Nevertheless, the Pixar movie Brave challenged the Disney Princess stance as a part of the film’s conflict with Merida’s mother becoming the representation of the very uptight Princess norm, and Merida herself being the rebellious adolescent who has an entirely different opinion about womanhood that sounds very much like Wonder Woman’s message. That woman should discover their own sense of being and not be brought down by norms and ridiculous constraints that in the end do more damage to woman than good. This deviant message is what made Brave successful, and finally the Disney Princesses franchise got huge arrow in the arise for conforming young girls into Sleeping Beauty pageant-bots rather than strengthening their own charcter. When the princesses finally were caught trying to turn Merida into one of their own, the creator of Brave got very angry and tried to remove Merida from the franchise but then… Disney also broke one of their rules (that each princess is separate from one another and that they avoid eye contact to preserve their individuality and mythology) when they introduced Sophia the First.

When Sophia was introduced, she did not have a movie, but a TV special called Sophia: Once upon a Princess and even though she was marketed as a so-called Latino Princess, the Latino community was not pleased when they found out she was not a Latino, but. “A fairytale girl who lives in a fairytale world” and not a princess based on any fairytale or folklore. The part where Disney breaks their own rules lies in the amulet that Sophia wears that gives her powers like being able to talk to animals and even, encounter the Princesses in the Franchise to gain wisdom and help. Therefore, Disney broke its own rules to gain a product, profit, and a nag-factor for all the girls who like the princess gig. However, what if those same girls grew up and changed from Little Sophias to die-hard watchers of Disney Chanel?

Sadly, the Disney Chanel creates a divide in the culture of childhood that Walt wanted to protect, those who watch Disney Chanel and those who do not. This is very much like the battle between the local stores and Wal-Mart only this time it involves die-hard hazing and bulling of the non-Disney Chanel group of girls who prefer their own individual qualities to going to a Jonas Brothers concert. These girls are beaten if they do not have a Hanna Montana lunch-sack or a Jessie doll because now Disney Chanel has now created a culture of conformity and bulling that tries to lure girls to bully others who cannot agree that being mean, rich, and popular is a superior goal that needs to be achieved. From day one of Lizze McGuire I knew that the downfall of all that was good about shows for children, especially for girls, was about to be destroyed and imitated by other networks like Nickelodeon, which created iCarly because of this, and Cartoon Network, which failed tragically. Until it released Adventure Time and Dragons: Riders of Berk which is based on DreamWorks How to Train Your Dragon and has really good writing and a good concept for a children’s show.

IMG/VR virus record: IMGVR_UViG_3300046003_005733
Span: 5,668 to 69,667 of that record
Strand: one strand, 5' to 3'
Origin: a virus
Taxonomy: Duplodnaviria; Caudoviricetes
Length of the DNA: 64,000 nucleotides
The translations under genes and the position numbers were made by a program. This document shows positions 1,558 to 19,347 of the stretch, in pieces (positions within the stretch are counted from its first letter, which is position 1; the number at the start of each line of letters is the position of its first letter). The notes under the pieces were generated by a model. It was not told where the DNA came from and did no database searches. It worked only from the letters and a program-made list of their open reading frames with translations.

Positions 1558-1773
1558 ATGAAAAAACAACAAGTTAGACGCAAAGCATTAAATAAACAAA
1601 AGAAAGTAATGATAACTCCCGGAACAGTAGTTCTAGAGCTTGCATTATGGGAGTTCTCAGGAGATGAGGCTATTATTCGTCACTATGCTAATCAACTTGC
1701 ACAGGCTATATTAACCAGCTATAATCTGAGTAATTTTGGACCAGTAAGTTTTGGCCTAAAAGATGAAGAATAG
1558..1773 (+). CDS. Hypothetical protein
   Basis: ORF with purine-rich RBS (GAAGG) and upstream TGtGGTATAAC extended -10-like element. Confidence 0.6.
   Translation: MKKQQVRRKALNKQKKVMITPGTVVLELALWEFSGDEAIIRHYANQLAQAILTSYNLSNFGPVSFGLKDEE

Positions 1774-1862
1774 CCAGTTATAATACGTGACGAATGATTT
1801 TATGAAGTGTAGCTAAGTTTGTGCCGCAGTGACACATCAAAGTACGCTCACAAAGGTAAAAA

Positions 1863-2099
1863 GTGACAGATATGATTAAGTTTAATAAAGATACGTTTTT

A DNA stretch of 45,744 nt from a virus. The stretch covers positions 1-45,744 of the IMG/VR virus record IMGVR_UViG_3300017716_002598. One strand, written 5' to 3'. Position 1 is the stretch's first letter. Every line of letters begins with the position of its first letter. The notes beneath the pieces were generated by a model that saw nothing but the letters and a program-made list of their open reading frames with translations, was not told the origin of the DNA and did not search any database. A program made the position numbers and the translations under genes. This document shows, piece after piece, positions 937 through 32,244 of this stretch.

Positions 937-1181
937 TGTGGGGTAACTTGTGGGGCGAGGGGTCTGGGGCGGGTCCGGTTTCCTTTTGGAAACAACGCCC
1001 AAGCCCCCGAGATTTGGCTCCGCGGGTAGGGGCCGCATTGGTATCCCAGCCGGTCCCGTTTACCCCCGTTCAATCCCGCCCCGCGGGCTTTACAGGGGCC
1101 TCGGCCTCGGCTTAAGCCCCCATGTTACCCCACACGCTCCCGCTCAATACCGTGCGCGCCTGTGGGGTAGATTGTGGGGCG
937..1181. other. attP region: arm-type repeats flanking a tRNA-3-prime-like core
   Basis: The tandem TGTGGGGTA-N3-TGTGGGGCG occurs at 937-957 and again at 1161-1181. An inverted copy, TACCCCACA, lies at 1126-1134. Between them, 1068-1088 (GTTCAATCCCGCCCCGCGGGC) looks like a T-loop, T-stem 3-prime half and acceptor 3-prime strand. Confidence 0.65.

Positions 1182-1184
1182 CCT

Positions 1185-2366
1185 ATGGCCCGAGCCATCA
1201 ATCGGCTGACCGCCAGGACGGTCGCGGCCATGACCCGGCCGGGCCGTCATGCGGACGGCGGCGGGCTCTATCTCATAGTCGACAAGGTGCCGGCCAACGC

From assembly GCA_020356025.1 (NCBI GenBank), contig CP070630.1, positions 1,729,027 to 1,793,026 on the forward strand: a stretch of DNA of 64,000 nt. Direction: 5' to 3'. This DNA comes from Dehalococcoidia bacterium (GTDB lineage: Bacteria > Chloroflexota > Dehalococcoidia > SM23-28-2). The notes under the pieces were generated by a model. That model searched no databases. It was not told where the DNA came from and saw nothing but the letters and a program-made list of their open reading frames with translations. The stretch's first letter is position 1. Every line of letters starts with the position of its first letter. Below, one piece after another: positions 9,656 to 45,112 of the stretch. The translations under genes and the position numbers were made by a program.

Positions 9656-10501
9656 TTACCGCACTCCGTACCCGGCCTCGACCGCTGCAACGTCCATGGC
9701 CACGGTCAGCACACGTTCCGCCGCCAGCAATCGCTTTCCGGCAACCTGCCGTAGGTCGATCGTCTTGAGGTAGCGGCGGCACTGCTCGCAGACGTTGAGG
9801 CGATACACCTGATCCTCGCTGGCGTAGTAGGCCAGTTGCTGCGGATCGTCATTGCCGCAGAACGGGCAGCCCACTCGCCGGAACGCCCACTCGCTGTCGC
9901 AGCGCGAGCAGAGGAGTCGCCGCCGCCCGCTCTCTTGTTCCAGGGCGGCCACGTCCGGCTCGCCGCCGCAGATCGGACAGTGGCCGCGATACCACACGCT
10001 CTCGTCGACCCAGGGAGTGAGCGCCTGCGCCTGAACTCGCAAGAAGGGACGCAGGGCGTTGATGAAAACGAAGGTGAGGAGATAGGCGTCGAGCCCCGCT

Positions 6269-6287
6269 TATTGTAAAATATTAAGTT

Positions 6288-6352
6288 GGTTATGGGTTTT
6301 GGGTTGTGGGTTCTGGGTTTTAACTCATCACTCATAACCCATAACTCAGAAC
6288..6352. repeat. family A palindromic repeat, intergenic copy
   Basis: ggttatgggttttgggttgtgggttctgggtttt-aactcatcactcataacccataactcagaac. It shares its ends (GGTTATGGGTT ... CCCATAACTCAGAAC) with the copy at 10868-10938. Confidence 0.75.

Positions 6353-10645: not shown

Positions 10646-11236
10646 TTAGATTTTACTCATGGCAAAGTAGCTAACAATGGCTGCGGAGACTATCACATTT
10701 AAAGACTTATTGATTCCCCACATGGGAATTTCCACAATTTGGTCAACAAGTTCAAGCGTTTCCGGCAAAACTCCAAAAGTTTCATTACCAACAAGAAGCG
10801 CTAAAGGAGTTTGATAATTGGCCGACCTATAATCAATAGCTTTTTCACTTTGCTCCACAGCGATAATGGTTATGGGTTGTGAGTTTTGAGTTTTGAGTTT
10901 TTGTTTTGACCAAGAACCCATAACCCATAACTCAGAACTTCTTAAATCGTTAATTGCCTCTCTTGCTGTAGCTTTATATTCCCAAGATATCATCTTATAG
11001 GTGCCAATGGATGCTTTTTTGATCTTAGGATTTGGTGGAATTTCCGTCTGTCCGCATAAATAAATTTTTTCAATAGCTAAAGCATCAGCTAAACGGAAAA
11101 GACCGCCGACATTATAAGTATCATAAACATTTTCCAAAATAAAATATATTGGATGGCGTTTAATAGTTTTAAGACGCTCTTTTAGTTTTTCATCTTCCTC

DreamWorks learned to do this from the disapproval of Megamind for Despicable Me, and the Box-office bomb Turbo that sometimes fallowing the leader has its downsides; therefore, it is better to do something original with something you have than just using another story and screwing around with it to make it look watchable and entertaining. I feel Walt should give a pat on the back to DreamWorks because they do create high-quality films and through those films, they learn from their mistakes and failures instead of procreating and dwelling on them. Even though Rise of the Guardians did not get enough money it was still a great movie that made you feel good and even cry at times like Kung-Fu Panda 2. To me watching a movie is like reading a book or going to an art exhibit, you go because you love the story and the art behind it. Today the Disney Company wants to turn their characters and the people who play them into products; people who work hard and create beautiful things are not objects or merchandise. They are people, just like Walt, and even though he is not here with us what he fought for is inside every creative artist that is here to fight for what is right.